The process of polishing your manuscript can be just as time-consuming as writing the thing in the first place. And once you’ve gone deep enough to correct every typo and over-analyse every line, it can be hard to set the thing down and declare it to be finished. If you’ve done a little research online, you’ll probably know that many people submit their manuscript long before it’s ready, so it can be a little scary to call it a day, but you have to stop somewhere!
Today, I want to share a great five-step method on polishing a manuscript. You might do these things in a different order, but once you’ve completed every step, I think you can be comfortable knowing that your book is as good as you can make it.
Step One – Reading Aloud
I mentioned this method a couple of weeks ago in my Manuscript Polishing article and I suggest doing this step first as it will help you identify any major errors in flow or continuity. The benefit of reading aloud is that it forces you to slow down and really consider every word, rather than giving in to the temptation of skimming. It can be a very long process to read an entire novel aloud, so set some time aside to really do it properly; you won’t get the best results if you are rushing.
Step Two – Put it Down!
This could be the most difficult step. You need to put your manuscript away somewhere you won’t be tempted to look at it (get that shortcut off your desktop!) and leave it alone for a little while. 4-8 weeks is ideal but there are some people out there who swear blind that 6 months is the minimum. I’m not quite that brave. The problem you have right now is that you are too familiar with your work to find any more mistakes. Although you will never be able to go back to being an impartial reader, this break will provide some much needed distance.
To make this process a little less painful, I suggest combining it with…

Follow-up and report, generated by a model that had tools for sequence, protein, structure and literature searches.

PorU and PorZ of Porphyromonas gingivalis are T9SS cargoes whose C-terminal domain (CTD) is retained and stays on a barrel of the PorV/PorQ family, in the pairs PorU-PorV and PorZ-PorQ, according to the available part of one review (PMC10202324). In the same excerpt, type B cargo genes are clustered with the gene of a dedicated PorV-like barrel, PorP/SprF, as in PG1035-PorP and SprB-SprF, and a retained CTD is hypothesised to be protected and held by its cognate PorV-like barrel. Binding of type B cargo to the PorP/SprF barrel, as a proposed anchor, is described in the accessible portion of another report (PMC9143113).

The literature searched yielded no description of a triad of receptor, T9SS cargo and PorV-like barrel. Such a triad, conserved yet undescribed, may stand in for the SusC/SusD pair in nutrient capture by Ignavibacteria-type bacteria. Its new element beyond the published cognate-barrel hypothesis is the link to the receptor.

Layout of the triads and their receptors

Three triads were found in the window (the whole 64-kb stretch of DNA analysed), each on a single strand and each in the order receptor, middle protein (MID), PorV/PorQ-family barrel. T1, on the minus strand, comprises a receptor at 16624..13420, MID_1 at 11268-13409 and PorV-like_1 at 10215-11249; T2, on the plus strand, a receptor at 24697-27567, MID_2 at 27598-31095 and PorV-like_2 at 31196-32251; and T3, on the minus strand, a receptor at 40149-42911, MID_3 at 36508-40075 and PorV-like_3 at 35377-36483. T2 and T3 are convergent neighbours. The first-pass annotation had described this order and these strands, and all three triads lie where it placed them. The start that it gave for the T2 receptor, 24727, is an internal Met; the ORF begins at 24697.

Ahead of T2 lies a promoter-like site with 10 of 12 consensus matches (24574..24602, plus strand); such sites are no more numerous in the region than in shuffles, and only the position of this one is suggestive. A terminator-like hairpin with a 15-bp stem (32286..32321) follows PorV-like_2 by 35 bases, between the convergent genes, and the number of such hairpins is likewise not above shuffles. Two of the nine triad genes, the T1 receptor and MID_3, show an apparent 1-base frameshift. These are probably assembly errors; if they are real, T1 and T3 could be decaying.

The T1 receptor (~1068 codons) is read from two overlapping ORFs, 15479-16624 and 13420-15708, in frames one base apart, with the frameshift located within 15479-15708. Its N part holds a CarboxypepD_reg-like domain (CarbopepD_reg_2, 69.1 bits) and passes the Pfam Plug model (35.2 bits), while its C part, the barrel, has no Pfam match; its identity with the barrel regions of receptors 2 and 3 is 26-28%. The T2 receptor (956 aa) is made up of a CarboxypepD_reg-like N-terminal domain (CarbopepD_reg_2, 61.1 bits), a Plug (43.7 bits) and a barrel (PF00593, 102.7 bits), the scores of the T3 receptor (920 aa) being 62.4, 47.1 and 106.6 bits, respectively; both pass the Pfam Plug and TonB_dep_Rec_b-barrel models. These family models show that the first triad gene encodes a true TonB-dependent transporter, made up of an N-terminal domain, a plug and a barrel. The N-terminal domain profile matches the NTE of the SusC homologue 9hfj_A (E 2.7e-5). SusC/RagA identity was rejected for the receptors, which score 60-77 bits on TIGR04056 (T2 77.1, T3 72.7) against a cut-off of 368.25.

Step Three – Beta Readers
While you’re taking a break from your work, find some beta readers to give it a test drive. As I’ve mentioned before, these people should be as impartial as possible, without a bias in your favour, and they should ideally be enthusiastic readers of your genre. If you’re writing for young adults or children, it can be useful to find someone from that age-group to read it, but I suggest that you find adult readers too as young people are less likely to find the picky, technical errors and may not be as detailed in their feedback. You may also consider Manuscript Assessment at this stage.
Once you have their feedback, it’s time to go back to your manuscript and decide what you want to change. But remember, you are not obliged to take advice if you don’t agree with it – your beta readers are not perfect.
Step Four – Line Editing
This is where you get down to the nitty-gritty. Once you’ve given your novel the once-over with your beta-readers’ comments in mind, you are going to need to go through line-by-line, considering smaller details like word choice, grammar and punctuation. This sounds boring and it is, but it truly makes a difference to the flow of your work.
Step Five – Final Read
A short break can help before you do this, if you have the time. This is where you, and possibly one or two beta readers make one last pass on your work. Read it through without stopping to make changes (note them down separately and go back to them later) to make sure you don’t lose the flow. If you are sending out your manuscript on paper, it can be useful to print it out first. Having your work in hard copy somehow makes it much easier to spot errors. But if you decide to change anything and need to replace a page, make sure you check that this hasn’t shuffled around the following page too. You may have to replace more than one sheet. Remember to recycle!
And that’s it. It’s important to make sure you don’t submit your manuscript before it’s ready, but it can be just as bad to keep fussing over it when there’s really nothing more you can do. Make sure you know where to draw the line, or you’ll drive yourself crazy.
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